Divorce is challenging in numerous ways, before, during and also after proceedings, often for much longer than either party ever really expects. Though you may have agreed on custody and child-rearing arrangements, it’s always an ongoing process of determining how to raise children, one where both parents are usually equally invested.
Sometimes, however, the difficult situation arises where one parent may need to move for work, wants to relocate after a new marriage, or simply wishes to return to their home country… and wants a child or children from the former marriage to come with them. Whether you are looking to relocate your child or suspect that your ex-partner is going to, there are a few things you should know ahead of time.
Planning to relocate
If you are interested in relocating yourself and your children, your legal representative needs to contact your ex-partner’s lawyer to inform them of your intention to relocate. You are then providing them notice of your objective. While you are not seeking their permission, they do have the ability to object to the relocation which might require you to file an Application to Relocate.
Ex-partner intending to relocate
If your ex-partner is the one intending to relocate your children, they must provide you with notice. You should then object to the notice in writing and save a copy of the letter to document your objection. If the relocation has already happened, in spite of your clearly documented objection, the court may be able to order the return of your child. This is why it is important to both send your objection in writing and save yourself a copy of the letter.
Three categories of parenting arrangements
Different parenting arrangements may imply a different level of formality in your custody and relocation determinations. The hope is that parents can come to an agreeable arrangement on their own or through mediation and counseling. However, those who cannot agree may turn to the courts for a decision. Most parenting arrangement falls into one of the following three categories:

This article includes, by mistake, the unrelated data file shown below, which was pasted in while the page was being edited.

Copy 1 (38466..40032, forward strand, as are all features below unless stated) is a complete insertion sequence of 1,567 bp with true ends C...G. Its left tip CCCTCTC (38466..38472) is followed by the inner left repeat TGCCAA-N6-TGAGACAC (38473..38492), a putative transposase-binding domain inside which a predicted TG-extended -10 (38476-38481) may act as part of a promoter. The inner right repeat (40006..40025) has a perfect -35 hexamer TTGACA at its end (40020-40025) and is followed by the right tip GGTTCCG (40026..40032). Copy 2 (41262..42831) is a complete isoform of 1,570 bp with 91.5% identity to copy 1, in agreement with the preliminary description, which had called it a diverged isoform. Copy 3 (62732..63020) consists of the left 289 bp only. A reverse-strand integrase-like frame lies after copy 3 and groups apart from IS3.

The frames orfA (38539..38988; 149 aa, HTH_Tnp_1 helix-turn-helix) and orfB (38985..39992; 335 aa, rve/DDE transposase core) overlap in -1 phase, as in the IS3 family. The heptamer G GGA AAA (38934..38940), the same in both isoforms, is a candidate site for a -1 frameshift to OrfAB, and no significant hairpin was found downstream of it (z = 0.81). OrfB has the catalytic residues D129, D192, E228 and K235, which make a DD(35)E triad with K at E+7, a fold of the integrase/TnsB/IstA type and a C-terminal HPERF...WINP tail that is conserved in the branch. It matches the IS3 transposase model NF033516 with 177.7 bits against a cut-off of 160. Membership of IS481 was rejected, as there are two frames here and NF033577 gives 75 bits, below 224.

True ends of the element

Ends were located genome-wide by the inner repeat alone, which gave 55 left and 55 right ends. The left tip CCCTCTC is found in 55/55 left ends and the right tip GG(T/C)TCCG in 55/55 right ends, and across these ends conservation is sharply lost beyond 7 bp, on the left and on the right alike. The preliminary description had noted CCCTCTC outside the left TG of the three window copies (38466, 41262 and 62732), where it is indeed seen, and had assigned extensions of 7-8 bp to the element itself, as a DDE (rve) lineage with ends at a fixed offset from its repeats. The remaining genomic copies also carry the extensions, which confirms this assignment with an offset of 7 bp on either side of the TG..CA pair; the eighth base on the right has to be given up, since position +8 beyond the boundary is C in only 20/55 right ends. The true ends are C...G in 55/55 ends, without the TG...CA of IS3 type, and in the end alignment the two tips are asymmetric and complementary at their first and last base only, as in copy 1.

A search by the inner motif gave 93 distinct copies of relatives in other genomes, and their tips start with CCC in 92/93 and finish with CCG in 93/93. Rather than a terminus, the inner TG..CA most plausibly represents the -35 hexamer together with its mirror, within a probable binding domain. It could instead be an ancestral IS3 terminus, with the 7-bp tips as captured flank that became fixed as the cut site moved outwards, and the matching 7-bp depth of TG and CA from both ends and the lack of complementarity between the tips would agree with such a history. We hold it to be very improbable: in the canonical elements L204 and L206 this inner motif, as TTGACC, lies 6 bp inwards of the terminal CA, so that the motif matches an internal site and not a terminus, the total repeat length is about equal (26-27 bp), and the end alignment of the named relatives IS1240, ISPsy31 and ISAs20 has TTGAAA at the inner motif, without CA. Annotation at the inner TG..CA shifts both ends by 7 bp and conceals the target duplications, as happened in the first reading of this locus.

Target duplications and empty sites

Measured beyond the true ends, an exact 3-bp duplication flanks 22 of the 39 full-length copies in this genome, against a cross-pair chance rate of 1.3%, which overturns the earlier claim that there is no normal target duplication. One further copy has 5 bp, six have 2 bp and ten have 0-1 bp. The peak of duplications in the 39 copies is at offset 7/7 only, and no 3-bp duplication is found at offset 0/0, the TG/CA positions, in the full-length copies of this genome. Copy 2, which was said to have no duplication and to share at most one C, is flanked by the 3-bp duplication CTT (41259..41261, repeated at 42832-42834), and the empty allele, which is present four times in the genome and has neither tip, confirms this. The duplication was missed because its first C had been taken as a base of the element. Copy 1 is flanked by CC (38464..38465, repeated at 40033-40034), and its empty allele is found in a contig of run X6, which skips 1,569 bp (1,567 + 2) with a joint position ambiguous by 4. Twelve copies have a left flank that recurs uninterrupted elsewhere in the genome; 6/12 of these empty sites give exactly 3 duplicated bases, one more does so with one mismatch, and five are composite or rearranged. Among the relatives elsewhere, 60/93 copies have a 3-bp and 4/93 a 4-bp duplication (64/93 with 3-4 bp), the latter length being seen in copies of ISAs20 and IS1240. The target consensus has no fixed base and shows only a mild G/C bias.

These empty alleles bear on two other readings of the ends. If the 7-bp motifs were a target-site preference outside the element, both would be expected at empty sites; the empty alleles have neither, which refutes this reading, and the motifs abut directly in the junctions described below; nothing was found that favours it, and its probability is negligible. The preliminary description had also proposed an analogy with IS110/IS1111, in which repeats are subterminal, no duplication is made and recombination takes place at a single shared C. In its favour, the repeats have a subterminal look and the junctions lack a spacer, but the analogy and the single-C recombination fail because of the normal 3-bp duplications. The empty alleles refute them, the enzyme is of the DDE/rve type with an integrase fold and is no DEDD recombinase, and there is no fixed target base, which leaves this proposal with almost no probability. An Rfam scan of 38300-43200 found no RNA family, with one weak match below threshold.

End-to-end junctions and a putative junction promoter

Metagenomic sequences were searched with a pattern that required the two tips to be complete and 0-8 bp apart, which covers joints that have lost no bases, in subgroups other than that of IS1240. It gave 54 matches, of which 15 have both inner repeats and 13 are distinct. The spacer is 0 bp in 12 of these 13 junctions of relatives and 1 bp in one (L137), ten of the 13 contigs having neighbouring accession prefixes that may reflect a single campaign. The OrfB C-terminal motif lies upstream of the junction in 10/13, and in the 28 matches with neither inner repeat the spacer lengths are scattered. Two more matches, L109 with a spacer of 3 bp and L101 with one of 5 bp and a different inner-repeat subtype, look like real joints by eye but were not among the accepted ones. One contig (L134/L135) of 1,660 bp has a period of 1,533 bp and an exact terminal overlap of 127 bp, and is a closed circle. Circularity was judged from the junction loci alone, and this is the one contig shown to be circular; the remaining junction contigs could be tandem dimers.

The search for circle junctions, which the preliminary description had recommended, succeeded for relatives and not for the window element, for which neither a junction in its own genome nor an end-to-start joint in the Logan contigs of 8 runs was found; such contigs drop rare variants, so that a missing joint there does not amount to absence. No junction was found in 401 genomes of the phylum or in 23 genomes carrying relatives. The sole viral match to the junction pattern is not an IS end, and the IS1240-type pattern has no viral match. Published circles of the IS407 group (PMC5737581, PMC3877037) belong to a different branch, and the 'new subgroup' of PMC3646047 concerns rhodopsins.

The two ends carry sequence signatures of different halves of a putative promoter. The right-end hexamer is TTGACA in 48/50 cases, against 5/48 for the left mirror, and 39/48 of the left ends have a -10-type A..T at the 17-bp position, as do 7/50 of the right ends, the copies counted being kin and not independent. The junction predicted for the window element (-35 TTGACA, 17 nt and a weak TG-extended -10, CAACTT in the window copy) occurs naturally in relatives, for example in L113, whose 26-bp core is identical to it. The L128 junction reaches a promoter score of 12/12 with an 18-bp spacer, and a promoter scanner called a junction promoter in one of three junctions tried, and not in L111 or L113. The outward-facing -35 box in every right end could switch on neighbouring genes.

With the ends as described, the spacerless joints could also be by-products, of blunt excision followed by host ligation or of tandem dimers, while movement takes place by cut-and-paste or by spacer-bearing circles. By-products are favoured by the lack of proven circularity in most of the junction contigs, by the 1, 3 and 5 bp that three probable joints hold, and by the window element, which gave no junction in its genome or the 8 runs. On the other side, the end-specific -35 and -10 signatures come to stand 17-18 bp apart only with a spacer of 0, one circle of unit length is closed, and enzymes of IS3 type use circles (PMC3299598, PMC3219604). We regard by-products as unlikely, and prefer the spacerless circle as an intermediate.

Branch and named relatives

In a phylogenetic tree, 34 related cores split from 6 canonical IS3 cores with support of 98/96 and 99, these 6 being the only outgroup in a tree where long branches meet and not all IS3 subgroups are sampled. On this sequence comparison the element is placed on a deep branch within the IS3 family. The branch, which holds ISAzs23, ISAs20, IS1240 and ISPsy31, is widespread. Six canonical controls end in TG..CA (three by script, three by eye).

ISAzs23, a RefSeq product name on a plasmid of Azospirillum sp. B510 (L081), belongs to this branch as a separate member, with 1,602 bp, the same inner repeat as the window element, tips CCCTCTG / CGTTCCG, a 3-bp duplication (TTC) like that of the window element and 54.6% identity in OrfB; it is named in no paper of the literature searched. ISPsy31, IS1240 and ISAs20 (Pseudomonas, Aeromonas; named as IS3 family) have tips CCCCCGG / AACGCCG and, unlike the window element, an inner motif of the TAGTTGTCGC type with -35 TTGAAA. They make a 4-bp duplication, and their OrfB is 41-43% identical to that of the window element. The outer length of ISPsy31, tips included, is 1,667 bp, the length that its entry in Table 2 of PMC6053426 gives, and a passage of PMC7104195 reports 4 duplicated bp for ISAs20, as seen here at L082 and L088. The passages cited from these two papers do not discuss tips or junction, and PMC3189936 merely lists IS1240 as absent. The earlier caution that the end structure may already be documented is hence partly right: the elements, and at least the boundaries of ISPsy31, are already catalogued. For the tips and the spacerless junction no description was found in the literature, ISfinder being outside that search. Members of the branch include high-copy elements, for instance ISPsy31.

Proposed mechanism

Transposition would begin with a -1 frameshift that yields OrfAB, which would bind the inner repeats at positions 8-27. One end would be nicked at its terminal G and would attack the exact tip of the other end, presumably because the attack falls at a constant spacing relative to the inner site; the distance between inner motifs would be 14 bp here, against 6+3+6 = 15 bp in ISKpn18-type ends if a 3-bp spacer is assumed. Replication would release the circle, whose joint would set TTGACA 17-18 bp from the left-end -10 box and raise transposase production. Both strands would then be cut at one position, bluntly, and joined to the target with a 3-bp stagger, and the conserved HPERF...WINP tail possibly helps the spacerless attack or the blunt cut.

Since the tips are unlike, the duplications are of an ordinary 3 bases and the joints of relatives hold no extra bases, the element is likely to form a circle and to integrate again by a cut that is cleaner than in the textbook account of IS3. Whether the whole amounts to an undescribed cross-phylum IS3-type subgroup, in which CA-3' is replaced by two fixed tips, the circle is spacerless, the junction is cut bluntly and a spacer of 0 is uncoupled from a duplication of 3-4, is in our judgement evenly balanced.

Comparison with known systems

1.The Sensible Handshake:The most informal of arrangements, where parents are able to agree to parenting arrangements despite a lack of formal documentation.
2.A Parenting Plan: A non-enforceable document usually arising out of counseling or therapy that describes what parents have agreed to regarding parenting arrangements for their children in the event of a divorce.
3.Court Orders: The most formal of parenting arrangements, these are court-ordered and are for those parents who are unable to reach an agreement and thus require an enforceable parenting agreement arranged by the court.
The most important thing to remember
Despite what many parents may think or hope, issues of custody, childcare, and relocation are not about parental rights at all, but about what’s in the actual best interests of the child, notwithstanding what the parent/s may think that best interest is.
When deciding whether a relocation is in the child’s best interests, the court will look at how the relocation will affect their ability to have a meaningful relationship with the non-relocating parent. The existing relationships between the child and both parents will also bear upon the decision of the court, with greater weight being allocated when a parent is particularly hands-on with their child.
Generally, the age of the child/children will have an impact on the court’s decision. Usually the younger the child in question, the less likely relocation will be considered appropriate.
Likewise, the court will consider the impact of the move on the child’s social network which may include peers, school, extracurricular activities, and extended family.
One thing to remember is that distance and location is not heavily reviewed, with even short-range relocations being enough to trigger review by the court.
If you are either considering relocation of a child after a divorce, or your ex-partner informs you they are pursuing this course, it is essential to seek good professional advice and work out a strategy to best manage an outcome for all parties involved, most particularly the child.
What Should You Do Now?
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